The Center for Community Solutions used Ohio as an example in its effort to understand how price models lead to higher health care spending in the U.S. when compared to other nations. The August 2020 report analyzed prices set by Ohio hospitals and recommended the creation of a more competitive marketplace, through the development of cost-effective policies and improved monitoring of price and care-quality data.
[Pictured: Dr. George Trimble, who focuses on the spread of COVID-19 in rural areas, sits for a portrait at Van Wert County Hospital in Van Wert, Ohio on November 20, 2020.]
#34. Nebraska (tie)
- Rural hospitals at high risk: 8 out of 70 qualifying hospitals (11.4%)
Maintaining federal standards for medical records has proved challenging for rural hospitals in Nebraska, according to a 2018 report by Nebraska’s Rural Health Innovation Steering Committee. All small hospitals in the state have electronic records systems, but the report states that the need for frequent upgrades are “resulting in higher costs, lower revenue, low staff morale, and no appreciable improvement in patient care.”
#34. South Dakota (tie)
- Rural hospitals at high risk: 5 out of 44 qualifying hospitals (11.4%)
Less than 1 million people populate South Dakota’s 76,000 square miles. This makes it difficult for health care providers to adequately serve patients in a financially sustainable way, according to South Dakota News Watch. Medicaid expansion could help bolster the finances of rural hospitals, but state lawmakers have refused to expand Medicaid coverage through the Affordable Care Act in order to receive federal funding.
- Rural hospitals at high risk: 5 out of 43 qualifying hospitals (11.6%)
The opioid epidemic has hit rural communities especially hard, but some hospitals have found success with the Colorado Alternatives to Opioids Project. The pilot project “promot[es] alternative pain medications and educat[es] patients about the risks of opioid use,” according to an August 2020 report by the Flex Monitoring Team. Although the pilot project sought to reduce emergency department opioid prescribing rates by 15%, one hospital system reduced the rate by 31% in 2017.
[Pictured: Brandy Turcotte, CNA, left, and Lacy Lawrence, both medical workers at Weisbrod Memorial Hospital in Kiowa County, wear personal protective equipment that they have on hand at the small rural hospital, if needed, during the coronavirus pandemic. May 14, 2020 in Eads, Colorado.]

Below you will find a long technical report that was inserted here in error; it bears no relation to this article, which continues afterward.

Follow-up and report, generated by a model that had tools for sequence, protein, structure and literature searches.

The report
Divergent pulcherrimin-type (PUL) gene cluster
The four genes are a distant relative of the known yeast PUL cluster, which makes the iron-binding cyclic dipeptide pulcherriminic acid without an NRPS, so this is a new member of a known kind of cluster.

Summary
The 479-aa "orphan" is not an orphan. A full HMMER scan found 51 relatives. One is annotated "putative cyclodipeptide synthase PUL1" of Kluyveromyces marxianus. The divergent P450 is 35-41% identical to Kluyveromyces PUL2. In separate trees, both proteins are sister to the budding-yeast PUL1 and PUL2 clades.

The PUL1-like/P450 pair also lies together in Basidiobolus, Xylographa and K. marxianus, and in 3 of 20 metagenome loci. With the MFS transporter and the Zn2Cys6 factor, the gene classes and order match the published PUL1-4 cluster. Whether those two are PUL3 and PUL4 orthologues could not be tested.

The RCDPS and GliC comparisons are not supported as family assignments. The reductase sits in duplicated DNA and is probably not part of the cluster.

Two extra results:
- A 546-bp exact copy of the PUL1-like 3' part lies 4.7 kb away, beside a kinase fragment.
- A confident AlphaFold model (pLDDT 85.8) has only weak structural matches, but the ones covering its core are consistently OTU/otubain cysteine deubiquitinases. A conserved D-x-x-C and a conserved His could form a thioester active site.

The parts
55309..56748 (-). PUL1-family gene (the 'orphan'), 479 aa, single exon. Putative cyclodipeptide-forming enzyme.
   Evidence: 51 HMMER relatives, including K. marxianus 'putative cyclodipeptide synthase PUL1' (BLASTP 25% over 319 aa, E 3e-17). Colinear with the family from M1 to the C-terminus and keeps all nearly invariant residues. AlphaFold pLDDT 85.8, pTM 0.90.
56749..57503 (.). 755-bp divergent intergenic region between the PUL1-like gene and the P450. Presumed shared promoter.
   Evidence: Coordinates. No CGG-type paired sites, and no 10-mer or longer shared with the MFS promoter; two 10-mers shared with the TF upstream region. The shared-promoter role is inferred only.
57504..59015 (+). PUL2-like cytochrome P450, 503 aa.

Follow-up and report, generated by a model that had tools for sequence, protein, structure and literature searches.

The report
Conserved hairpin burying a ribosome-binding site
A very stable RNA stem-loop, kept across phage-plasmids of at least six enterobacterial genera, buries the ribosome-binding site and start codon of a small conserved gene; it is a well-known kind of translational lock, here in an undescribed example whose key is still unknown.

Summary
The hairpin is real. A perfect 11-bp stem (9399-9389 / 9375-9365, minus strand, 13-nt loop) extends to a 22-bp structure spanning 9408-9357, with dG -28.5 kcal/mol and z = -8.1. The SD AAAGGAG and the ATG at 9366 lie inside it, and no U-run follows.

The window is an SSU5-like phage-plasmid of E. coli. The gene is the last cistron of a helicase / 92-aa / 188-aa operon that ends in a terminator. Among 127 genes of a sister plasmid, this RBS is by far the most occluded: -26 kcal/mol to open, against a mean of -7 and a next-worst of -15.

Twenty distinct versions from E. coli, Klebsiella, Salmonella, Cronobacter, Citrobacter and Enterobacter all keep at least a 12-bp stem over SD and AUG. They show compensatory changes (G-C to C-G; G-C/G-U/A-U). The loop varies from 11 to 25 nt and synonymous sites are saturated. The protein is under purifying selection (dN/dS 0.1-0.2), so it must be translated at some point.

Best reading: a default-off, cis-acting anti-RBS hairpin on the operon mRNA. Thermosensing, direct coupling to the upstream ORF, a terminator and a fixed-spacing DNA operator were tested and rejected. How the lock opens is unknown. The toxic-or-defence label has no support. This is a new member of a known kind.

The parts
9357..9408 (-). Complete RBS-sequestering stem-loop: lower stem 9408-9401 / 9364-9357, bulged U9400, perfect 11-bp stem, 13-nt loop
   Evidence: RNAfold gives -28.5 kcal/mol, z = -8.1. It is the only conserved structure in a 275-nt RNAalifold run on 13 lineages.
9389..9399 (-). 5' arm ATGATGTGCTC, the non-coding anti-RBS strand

#31. Wisconsin (tie)
- Rural hospitals at high risk: 9 out of 75 qualifying hospitals (12%)
In rural communities that lack doctors, pharmacists often fill the gaps and help patients decide whether to make the long trip to their doctors in another county. In fall 2019, the University of Wisconsin-Madison School of Pharmacy launched a two-year rural pharmacy concentration to give students experience working with rural communities and learn how community partnership can provide high-quality care.
#31. Idaho (tie)
- Rural hospitals at high risk: 3 out of 25 qualifying hospitals (12%)
After narrowly avoiding closure in 2013, Arco’s Lost Rivers Medical Center serves as a success story for rural hospitals, according to STAT. New management allowed the hospital to better serve the community by bringing in rotating specialists, updating the facilities, offering telemedicine services, and opening a surgery center.
#30. North Carolina
- Rural hospitals at high risk: 6 out of 47 qualifying hospitals (12.8%)
In North Carolina’s rural communities, 54% of children receive coverage from Medicaid and the Children’s Health Insurance Program, as compared to only 39% in metro communities, according to a 2017 report by the Georgetown University Center for Children and Families. In a July 2020 brief, the nonprofit NC Child called for Medicaid expansions to stabilize the state’s rural health system and improve children’s health outcomes.
#29. North Dakota
- Rural hospitals at high risk: 5 out of 34 qualifying hospitals (14.7%)
North Dakota implemented a two-phase plan to combat a shortage of health care providers across the state and especially in rural parts. The plan aims to increase the size of medical and health sciences classes and residency slots in the state, according to a 2019 report by the University of North Dakota School of Medicine and Health Sciences Advisory Council.